How can SDG 2, Zero Hunger, be reached in a changing climate?
After decades of progress to eradicate hunger, the number of undernourished people in the world appears to increase again. Conflict, drought and weather-related disasters are the primary reasons for this development, severely affecting smallholder farmers.
IFPRI and FAO is this week organizing a global conference on how to speed up the transformation of our agri-food systems. The conference, Accelerating the End of Hunger and Malnutrition, addresses the urgency of reaching SDG 2 as no other development goal can be reached if people are hungry and malnourished. The conference has similar objectives as the International Symposium on Agricultural Innovation for Family Farmers, which Agroforestry Network wrote about last week. Both these events focus on agricultural innovation and success stories and how such can be scaled up to eradicate hunger.
Agroforestry contributes to food security in multiple ways
SDG 2 is a corner stone in the work of Agroforestry Network and our partners. In our recent publication SCALING UP AGROFORESTRY Potential, Challenges and Barriers, we conclude that agroforestry contributes to food security in multiple ways. For example, when crops are mixed with suitable trees yields increase, especially when nitrogen-fixing trees are planted. In some cases trees can though compete for recourses resulting in yield reductions. When this happens negative effects are often compensated by other benefits, such as increased production of firewood, building material and fruits and nuts. Farmers that can harvest fruits and nuts are less likely to suffer from malnutrition, as these tree products are rich in micronutrients, fibres and proteins. Farmers that can harvest more firewood can also cook crops that require longer time on the stove. Such crops are as well often rich in nutrients.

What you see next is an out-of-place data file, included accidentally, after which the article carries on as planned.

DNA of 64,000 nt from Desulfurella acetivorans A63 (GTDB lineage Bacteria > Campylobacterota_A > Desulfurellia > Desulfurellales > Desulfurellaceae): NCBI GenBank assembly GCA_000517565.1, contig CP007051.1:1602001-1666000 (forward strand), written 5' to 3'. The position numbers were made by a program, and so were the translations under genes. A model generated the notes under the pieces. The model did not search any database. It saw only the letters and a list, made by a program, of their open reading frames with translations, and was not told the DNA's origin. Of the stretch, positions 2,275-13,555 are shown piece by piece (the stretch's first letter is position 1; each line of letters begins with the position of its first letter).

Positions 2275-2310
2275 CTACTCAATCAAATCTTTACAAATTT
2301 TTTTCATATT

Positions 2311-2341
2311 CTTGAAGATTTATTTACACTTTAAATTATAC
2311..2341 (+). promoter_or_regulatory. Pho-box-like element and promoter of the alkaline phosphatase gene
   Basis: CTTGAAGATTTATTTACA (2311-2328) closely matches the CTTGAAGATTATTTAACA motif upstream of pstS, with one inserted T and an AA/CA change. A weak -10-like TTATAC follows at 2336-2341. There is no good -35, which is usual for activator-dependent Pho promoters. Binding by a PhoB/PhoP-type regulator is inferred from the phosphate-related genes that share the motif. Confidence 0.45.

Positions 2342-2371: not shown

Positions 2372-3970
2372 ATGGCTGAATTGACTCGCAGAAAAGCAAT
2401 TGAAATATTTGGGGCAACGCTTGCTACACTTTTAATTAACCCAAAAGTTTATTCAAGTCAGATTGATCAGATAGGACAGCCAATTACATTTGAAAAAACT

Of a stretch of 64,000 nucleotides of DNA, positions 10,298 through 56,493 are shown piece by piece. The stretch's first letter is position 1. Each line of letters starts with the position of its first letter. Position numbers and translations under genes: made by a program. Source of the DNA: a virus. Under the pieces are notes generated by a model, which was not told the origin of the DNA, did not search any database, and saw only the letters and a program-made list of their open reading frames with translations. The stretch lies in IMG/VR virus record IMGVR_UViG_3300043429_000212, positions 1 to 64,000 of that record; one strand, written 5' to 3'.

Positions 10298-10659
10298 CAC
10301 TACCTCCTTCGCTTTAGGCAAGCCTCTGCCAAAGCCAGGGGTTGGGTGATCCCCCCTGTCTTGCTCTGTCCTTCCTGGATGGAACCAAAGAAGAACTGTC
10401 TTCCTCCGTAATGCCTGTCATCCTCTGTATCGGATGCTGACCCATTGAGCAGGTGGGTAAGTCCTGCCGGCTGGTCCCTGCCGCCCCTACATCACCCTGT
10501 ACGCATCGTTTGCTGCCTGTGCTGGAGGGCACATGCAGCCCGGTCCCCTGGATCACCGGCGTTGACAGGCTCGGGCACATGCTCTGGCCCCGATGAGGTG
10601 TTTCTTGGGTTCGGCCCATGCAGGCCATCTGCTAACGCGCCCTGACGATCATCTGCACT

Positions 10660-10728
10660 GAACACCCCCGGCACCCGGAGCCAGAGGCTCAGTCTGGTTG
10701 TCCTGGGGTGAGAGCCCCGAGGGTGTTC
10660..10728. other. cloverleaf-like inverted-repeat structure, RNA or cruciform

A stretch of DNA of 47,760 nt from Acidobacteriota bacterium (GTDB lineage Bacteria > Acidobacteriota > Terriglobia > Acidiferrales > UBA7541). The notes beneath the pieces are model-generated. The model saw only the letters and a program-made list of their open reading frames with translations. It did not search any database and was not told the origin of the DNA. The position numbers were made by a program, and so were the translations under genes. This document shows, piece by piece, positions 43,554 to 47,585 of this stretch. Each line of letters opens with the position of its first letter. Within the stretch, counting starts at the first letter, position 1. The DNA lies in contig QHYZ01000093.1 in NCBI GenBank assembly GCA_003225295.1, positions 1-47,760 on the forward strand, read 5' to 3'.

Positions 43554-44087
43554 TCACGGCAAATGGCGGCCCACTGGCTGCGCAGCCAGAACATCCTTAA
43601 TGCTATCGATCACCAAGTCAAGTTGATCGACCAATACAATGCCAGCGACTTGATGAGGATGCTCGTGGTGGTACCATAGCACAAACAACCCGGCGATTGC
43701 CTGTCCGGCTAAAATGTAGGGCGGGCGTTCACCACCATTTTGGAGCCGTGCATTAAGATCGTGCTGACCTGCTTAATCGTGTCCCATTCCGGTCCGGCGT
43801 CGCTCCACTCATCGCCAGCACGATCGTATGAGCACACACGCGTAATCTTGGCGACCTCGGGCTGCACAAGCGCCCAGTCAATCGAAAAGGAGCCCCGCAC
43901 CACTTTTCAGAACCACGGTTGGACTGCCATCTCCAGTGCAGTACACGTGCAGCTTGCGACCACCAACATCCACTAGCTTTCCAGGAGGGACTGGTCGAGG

Farmers living in poverty rely on tree products in times of hardship
As IFPRI and FAO points out, one of the major reasons for the increasing food insecurity is disasters that can be linked to climate change. When yields are lost because of a draught or a rainstorm, trees can provide an important coping mechanism, as they are more resilient than annual crops. Farmers living in poverty, and especially women, often rely on tree products for food and additional income in times of hardship.
Agroforestry creates resilient multifunctional landscapes
On the larger scale agroforestry creases multifunctional landscapes. Such landscapes provide more ecosystem services, e.g. ground water formation and pest control, than landscapes dominated by a few species of crops or trees. In a changing climate, multifunctional landscaped are also essential because they are more resilient to changes and shocks. Agroforestry is thus not only a suitable to improve food security, but also to transform agri-food systems to become resilient to climate change.